As I said, these folks loved the packs—which really were superior and now they had experienced that fact first-hand. They were on the phones and faxes spreading the word about these great packs and the nut-cases conducting very different “clinics” with their friends and acquaintances at REI stores in our path-- California. By the time we rolled up at the San Diego store the dudes and dudettes were waiting for us…and off we went on a rollicking foot tour of the Anza Borrego Wilderness. And so on…stopping at every REI store all the way up the west coast to backpack in beautiful backcountry with local guides who would sell hell out of our gear. Mountainsmith was well and truly launched. (Along the way Brooks coined the name for our cranky old Travellall…”Sheeba, the Great She Beast of the Mountains”. It stuck). By the time Sheeba 1 wheezed back into Golden from this tour every REI store across the country knew about Mountainsmith and our unorthodox clinic style. And were clamoring for their own dirt clinic. We never had to make another Sheeba trip; regional reps from across the country were well aware of this phenomenon by now (the word had spread everywhere) and were petitioning to represent us. We suddenly had a full-fledged Rep network! New hires had two pre-requisites: they had to be real backpackers and they had to conduct Dirt Clinics. Those who met our requirements took the Show to the rest of the country. To ALL mountain shops in their territories. Henceforth, I would fly to wherever the Event was and participate. I have packed everywhere in the country compliments of that single marketing decision and have made scores of great outdoorsy friends along the way. Sheeba 1 could stay local. And did, giving yeoman service for many more years.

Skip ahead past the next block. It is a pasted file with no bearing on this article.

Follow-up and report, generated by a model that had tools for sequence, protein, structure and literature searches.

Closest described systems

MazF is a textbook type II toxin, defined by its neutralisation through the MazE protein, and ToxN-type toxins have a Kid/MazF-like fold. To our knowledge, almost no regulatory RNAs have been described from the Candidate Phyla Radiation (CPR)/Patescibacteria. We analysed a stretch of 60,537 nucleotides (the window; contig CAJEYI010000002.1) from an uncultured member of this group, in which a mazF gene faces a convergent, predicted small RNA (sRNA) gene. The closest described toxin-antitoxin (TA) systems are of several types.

Sheeba 2 was a one ton Dodge 4WD conversion van. Old number two had the distinction of rolling up the Alcan Highway and covering every contiguous road in Alaska, including clear up the Haul Road the Prudhoe Bay. (I did a lot of rambling off the Haul Road, collecting small game, grayling and caribou.) Another grand old beast. I wore her plumb out, and acquired Sheeba 3 in about 1999 or so. Sheeba 3 is a Tiger brand…a small chassis-built 4WD camper built on a Chevy Silverado platform. She is fully qualified as the latest in the Sheeba lineage.)

The snow persisted all the way over Raton Pass, giving way finally to dry, juniper-clad uplands (one of my favorite landscapes). In addition to exploring Big Bend I wanted to find some Rambling country I could access during winter. Country I could walk rather than resorting to skis. From about late November to June the Colorado high country is snowed in. I wander it anyway, on X-C skis. But I appreciate variety, specifically simple backpacking, during the long winter months . Traditionally I’ve headed out to BLM land on our Western Slope to get it. I was looking for new versions of it. New places to ramble. 

To be continued….

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We left off our narrative just on the New Mexico side of Raton Pass to insert an INTERLUDE explaining the dual purpose of the trip—to see the Big Bend and Gila, etc. as well as investigate wint...